Transport, social distancing and face coverings – straight talking needed

12 June 2020

The biggest lockdown restriction change so far will take place on Monday as many non-essential shops can reopen in England. This means more travel – many will walk or use a car. Some will cycle. More people will use public transport. Just how much more travel and by what means of transport remains to be seen.

We will carry out our 2000 strong, representative GB wide survey this weekend and the weekend after, so we will have an insight into what has happened and how attitudes are shifting.

New Transport Focus analysis shows the proportion of people who think face coverings should be a requirement on public transport has been consistently above 50 per cent since week one of the survey and increased to 67 per cent in the latest week six results. Clearly face coverings make people feel safer, but they remain an emotive and divisive issue as comments in our survey illustrate:

“Everyone should be made to wear a mask or they will not be allowed to travel.”

“There will be issues with people who don’t cover their face, and it will cause friction between passengers. I don’t want to wear a face mask, but I understand that it may help to protect others…”

Our latest research published earlier this week: How are transport users feeling about returning to travelling? found the ability to social distance and the wearing of face coverings were top of mind when it came to building confidence. There was a real sense these new aspects of ‘transport etiquette’ need to be underpinned by clear communication, procedures and potentially, enforcement.

Wearing a face covering on public transport is to be mandatory in England from June 15. Enforcement presents difficulties, at the time of writing we still don’t know exactly what legal mechanisms will be used or penalties that passengers may face. In the long run, as with other safety issues, such as smoking on public transport or seat belt use in cars, peer pressure will be the most effective spur. Rather than rush to enforcement mechanisms a gradual ‘engage, explain, encourage’ approach should be used first, but at some point, some ‘bite’ will be needed.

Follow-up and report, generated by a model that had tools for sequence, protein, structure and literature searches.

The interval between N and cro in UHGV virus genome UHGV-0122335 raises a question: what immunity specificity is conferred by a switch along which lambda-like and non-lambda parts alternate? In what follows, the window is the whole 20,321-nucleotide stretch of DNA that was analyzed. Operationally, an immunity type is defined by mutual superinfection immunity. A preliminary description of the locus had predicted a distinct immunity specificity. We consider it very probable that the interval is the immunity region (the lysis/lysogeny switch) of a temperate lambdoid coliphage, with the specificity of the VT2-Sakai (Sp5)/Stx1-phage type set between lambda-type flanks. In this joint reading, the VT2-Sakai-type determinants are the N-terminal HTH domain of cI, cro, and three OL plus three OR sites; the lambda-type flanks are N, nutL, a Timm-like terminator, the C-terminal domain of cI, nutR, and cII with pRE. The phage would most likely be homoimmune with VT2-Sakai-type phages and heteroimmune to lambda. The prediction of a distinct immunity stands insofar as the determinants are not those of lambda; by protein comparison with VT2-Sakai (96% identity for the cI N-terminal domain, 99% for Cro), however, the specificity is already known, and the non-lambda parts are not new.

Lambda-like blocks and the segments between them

This must take into account that some people cannot wear a mask for medical reasons. Many disabled people will face particular challenges – for instance those who need to read lips to supplement poor hearing will find communication with staff or other passengers very difficult. Those who are unable to wear a mask could feel uncomfortable or face comments from other passengers. Our survey comments illustrate how people’s emotions may run high and that people will need to think carefully before they rush to challenge fellow passengers:

“The directive to wear face masks will put many people off. Some people will find it frightening, others will not be able to wear masks due to health conditions such as asthma. Deaf people who lip read will also struggle to be around lots of people in masks.”

“People will be agitated/aggressive towards people not wearing face masks or sitting next to them…”

Being able to social distance remains passengers’ main concern. It’s helpful that bus and rail apps and journey planners are starting to indicate which services are busiest, but pinch points will present challenges. Most buses outside London have only one door, at the front. The need to keep a distance could slow passengers getting on and off on buses and trains and eventually make running a punctual service more difficult. The reality is staying two metres apart will be nigh on impossible in much of the transport system as numbers rise. There needs to be straight talking from governments and transport providers about what passengers might expect to encounter.

Current government advice states: ‘There may be situations where you can’t keep a suitable distance from people, for example when boarding or alighting, on busier services, at busier times of day and when walking through interchanges. In these cases you should avoid physical contact, try to face away from other people, and keep the time you spend near others as short as possible.’

Time for more clarity then and an intense focus on what operators will do to minimise the risk and how passengers can play their part?

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